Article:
Nick Roberts takes the stage with his band

Sydney Kroll


Nick smiles at the camera during his Chow-Down Centertown performance.

Sydney Kroll, Reporter

On a recent Thursday, junior Nick Roberts glances up at the musical memorabilia surrounding him. In the backyard of local music promoter and ‘Walk the Beat’ founder Dave Palmer, you’ll find The Greenhouse, a small outbuilding that serves as a practice space and incubator for all manner of local musicians.

The 900 square-foot room is scattered with amps and speakers whose sound bounces smoothly off of the angles implemented into its structure.

He takes a deep breath and goes over the chords and lyrics in his head once more as the band is counted down. He begins to strum and lets the beat coerce him along. As Johnny Cash fills the room, he feels at home. This is what he’s truly passionate about.

Roberts has been playing guitar since age five. His parents had implemented a simple rule-if he wanted to play video games or hang out with friends, he had to do something productive first.

“That’s how I got good at it,” Roberts said. “Originally music wasn’t something I necessarily enjoyed, but it grew on me. As I got better at it, I learned to appreciate it.”

That skill has reflected well and he has become a very talented musician, especially since he is only 17. He plans on pursuing music and hopes to share his talent with the world.

“I want to pursue music because it’s a gift from God that I have to offer to the world, and I’m excited about it,” Roberts said. “Not to mention that it is a lot of fun.”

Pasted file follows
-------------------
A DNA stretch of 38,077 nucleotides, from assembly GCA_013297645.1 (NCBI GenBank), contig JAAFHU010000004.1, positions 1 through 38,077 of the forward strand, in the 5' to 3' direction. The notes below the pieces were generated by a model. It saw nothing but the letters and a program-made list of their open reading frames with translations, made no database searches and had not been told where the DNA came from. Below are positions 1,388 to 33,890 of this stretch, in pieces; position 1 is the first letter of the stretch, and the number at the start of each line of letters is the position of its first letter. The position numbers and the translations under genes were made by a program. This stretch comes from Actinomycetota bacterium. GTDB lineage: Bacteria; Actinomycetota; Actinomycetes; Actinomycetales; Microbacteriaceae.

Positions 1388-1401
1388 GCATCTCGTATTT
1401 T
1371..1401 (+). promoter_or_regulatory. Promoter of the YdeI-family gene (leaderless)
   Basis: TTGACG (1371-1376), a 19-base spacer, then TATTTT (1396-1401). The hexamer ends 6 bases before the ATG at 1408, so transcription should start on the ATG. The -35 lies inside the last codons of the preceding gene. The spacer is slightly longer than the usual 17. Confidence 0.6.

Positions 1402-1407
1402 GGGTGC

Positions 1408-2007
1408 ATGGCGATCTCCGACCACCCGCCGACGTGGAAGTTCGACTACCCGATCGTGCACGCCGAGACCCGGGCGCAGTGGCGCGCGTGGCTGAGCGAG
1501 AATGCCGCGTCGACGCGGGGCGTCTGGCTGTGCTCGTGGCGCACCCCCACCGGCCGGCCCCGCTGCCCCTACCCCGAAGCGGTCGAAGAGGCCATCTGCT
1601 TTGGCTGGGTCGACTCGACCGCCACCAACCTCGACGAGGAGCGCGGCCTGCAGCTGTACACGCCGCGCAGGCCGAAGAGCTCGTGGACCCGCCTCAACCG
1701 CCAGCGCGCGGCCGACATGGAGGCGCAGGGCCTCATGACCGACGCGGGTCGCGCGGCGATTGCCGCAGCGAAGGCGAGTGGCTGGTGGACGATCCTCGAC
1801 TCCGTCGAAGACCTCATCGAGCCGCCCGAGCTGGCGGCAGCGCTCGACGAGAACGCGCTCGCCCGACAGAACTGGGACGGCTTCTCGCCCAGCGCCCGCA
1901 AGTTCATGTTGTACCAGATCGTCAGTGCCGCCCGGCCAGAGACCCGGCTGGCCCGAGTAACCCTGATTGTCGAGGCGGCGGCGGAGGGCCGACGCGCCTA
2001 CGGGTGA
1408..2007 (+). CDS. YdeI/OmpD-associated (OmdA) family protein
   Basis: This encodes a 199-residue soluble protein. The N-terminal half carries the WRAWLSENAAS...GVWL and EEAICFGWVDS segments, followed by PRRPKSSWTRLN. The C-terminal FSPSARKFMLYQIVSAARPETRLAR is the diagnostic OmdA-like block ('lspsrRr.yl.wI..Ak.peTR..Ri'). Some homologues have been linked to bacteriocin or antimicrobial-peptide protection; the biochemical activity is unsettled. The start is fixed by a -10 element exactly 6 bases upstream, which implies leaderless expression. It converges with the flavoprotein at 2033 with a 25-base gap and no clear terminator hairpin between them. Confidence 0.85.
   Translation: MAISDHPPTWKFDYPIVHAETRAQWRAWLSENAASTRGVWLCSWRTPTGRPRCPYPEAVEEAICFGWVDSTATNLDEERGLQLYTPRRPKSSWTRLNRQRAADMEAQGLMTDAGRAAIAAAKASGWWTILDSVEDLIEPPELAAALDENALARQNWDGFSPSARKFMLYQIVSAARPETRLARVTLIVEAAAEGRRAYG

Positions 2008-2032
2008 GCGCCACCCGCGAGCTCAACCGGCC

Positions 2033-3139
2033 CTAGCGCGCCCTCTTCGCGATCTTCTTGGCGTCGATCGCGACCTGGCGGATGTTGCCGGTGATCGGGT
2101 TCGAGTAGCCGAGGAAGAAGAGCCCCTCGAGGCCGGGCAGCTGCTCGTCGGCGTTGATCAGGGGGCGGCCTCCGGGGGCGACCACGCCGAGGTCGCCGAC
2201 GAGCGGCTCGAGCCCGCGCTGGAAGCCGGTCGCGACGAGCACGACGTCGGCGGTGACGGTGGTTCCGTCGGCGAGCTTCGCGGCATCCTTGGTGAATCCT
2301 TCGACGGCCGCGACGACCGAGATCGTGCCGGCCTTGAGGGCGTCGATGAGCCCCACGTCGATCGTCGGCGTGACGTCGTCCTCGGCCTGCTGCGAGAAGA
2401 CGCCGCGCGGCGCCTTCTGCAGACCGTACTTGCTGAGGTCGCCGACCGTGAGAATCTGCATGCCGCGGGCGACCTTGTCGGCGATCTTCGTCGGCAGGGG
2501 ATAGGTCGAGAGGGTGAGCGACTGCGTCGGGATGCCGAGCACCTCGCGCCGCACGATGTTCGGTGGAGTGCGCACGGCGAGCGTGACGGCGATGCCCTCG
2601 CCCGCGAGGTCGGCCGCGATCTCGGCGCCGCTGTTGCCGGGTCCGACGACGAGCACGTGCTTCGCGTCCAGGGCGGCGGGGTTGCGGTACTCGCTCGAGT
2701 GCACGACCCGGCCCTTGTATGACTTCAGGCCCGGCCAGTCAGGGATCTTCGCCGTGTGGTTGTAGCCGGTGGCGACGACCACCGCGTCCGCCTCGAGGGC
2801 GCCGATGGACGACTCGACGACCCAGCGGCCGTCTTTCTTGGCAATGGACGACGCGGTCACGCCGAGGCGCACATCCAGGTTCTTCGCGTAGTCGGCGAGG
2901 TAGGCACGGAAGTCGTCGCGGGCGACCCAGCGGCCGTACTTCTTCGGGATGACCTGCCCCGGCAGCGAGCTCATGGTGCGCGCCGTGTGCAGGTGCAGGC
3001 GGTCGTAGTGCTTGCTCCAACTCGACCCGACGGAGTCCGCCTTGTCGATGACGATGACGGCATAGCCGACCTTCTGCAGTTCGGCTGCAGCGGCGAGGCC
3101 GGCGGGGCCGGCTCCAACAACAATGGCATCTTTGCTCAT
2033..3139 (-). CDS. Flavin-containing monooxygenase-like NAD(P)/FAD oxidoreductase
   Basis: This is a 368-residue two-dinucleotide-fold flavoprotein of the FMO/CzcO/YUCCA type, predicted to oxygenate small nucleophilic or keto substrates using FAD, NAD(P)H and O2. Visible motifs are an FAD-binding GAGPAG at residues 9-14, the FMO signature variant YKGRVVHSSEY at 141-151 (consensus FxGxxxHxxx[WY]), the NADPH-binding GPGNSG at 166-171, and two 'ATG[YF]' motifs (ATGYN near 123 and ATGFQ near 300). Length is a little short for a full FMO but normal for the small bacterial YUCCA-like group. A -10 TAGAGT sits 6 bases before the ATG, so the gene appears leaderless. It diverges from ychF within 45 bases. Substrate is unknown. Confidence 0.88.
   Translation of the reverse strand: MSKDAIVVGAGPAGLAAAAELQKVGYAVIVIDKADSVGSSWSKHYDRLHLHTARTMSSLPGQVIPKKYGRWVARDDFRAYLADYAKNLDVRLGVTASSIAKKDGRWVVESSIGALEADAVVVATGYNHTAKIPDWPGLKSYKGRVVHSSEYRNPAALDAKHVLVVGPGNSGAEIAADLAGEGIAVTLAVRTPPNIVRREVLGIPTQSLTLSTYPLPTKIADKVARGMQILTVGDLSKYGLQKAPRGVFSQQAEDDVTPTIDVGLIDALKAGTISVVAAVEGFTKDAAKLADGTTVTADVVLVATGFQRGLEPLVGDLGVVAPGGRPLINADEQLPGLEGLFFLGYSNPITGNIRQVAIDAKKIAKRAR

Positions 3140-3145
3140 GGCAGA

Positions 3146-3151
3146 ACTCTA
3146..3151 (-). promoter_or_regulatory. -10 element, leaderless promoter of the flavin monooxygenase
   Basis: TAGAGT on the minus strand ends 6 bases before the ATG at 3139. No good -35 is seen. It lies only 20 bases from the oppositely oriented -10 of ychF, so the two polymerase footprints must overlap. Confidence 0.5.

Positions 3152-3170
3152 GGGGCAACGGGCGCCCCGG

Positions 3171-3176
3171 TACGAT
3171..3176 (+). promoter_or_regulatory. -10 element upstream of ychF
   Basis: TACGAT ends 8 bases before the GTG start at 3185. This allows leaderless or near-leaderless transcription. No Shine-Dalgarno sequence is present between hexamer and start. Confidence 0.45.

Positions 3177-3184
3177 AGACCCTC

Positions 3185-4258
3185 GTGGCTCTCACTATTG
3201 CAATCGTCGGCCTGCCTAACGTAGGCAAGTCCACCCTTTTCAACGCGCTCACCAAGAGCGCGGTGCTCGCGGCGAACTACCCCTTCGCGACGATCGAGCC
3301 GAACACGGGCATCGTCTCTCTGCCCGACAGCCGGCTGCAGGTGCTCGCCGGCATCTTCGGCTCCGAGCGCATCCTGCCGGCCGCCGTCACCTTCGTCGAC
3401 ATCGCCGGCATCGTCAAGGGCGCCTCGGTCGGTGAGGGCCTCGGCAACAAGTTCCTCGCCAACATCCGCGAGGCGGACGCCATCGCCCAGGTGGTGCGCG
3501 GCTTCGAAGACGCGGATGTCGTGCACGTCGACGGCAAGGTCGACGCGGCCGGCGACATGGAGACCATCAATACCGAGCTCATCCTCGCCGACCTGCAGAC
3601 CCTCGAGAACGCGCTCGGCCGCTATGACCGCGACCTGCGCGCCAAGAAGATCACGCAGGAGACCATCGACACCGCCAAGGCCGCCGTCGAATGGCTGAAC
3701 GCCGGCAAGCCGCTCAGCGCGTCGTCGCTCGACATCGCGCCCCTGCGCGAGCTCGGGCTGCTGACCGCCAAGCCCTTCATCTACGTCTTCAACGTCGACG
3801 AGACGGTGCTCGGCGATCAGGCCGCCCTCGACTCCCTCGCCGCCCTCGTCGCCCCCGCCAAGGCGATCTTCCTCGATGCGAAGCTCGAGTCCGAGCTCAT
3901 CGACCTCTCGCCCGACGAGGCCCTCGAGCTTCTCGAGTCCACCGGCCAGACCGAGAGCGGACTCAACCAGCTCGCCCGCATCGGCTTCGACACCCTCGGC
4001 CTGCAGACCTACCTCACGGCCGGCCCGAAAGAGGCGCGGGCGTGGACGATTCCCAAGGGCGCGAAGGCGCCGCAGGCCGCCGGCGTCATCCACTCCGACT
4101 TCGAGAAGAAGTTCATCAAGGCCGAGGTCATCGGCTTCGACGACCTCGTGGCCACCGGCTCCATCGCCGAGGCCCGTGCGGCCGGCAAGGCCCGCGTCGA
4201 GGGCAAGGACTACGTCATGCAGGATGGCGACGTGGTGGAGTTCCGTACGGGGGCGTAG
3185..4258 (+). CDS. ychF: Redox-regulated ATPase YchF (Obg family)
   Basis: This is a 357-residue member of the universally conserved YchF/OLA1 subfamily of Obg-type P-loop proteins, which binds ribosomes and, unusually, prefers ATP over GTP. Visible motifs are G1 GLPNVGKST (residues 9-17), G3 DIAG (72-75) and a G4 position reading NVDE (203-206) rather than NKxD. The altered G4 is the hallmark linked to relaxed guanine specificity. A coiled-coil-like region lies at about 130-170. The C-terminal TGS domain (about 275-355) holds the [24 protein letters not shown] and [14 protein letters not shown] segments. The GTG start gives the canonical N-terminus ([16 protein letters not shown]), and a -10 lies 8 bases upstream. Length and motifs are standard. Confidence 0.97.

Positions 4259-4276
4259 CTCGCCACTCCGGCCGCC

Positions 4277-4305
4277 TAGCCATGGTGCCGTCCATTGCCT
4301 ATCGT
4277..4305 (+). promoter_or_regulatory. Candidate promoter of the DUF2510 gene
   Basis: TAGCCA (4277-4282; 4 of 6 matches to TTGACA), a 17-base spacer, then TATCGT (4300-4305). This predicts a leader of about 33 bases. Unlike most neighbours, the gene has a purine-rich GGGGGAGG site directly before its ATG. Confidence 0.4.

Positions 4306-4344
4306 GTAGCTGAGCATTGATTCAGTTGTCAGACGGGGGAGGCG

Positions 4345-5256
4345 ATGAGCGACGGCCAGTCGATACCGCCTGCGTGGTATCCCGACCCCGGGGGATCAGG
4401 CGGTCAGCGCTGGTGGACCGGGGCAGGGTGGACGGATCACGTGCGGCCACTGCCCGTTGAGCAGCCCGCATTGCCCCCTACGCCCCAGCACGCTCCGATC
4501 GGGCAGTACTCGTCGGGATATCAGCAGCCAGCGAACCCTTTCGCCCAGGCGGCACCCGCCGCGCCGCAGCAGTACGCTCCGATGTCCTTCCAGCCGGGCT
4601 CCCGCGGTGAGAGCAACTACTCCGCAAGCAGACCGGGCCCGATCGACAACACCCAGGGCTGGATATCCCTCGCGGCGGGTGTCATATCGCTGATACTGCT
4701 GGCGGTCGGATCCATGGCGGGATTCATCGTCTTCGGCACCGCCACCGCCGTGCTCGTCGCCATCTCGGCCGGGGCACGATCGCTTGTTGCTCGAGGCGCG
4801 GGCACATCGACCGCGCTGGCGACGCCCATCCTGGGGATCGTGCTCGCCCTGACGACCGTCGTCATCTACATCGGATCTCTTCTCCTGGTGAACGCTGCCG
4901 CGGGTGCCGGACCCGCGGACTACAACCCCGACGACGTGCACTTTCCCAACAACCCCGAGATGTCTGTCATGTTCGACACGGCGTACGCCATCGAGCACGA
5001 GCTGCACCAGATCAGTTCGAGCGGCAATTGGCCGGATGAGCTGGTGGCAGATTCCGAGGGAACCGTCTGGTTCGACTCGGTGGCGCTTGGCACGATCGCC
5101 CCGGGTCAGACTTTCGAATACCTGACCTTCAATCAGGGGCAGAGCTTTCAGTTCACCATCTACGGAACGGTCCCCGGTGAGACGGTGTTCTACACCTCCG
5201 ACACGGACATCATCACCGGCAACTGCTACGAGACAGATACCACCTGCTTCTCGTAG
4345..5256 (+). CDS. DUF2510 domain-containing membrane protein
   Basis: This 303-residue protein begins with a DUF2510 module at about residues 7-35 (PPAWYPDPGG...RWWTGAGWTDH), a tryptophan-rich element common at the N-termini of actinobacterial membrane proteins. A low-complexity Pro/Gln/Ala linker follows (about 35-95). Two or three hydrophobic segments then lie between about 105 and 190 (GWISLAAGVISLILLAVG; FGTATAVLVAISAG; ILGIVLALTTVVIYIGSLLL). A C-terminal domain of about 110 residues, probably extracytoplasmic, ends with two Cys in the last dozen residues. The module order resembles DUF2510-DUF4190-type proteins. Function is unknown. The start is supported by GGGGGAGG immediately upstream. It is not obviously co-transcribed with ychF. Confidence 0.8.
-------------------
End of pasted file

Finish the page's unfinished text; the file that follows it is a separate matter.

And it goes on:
All in all, he aims to bring people together through his music as well as finding a way to make a living while doing so.

“I tell you what, that kid [Roberts] is super talented,” says Palmer. “Nick is one of the smartest players I’ve met in a long time.”

The band, consisting of Roberts, Palmer, 62, TJ Wagenmaker-Smith, 32, and Avery Jorgensen, 17, is a fairly recent development.

“We don’t even have a name for this band,” said Palmer with a slight chuckle.

However, the lack of a title hasn’t stopped them. They’ve already booked multiple gigs including a wedding, D. Baker & Son Lumber Mills 150th Anniversary, Burzurk Brewing Company’s Oktoberfest, and Downtown Chowdown. They played well and were popular among the crowd.

The band also participates in the uncommon practice of switching the lead singers.

“We’re learning, we’re harmonizing a lot,” Palmer said. “If it’s gonna be a Johnny Cash song or a song like that, we’re gonna throw that to Nick to be the front man. We’ll harmonize in the background.”

Outside of just simply having fun, the band has a deeper meaning to its members.

“Everybody looks at us a little weird when we show up. I’m 32, Nick is 17, and Dave is 62,” Wagenmaker-Smith said. “Music is one of the things that transcends age, race, and gender, and I think our band is a pretty good example of that.”

As for Roberts, this is an excellent learning opportunity, especially with a plan to pursue music.

“My goals with the band are to just grow in music for myself, so I can play harder things and get used to learning songs quickly,” Roberts said. “Just getting a chance to make music of my own with other people. That way, if I throw in an idea I can add in some of TJ’s flavor and personality and Dave’s experienced knowledge of how to put lyrics and titles along with my own ideas.”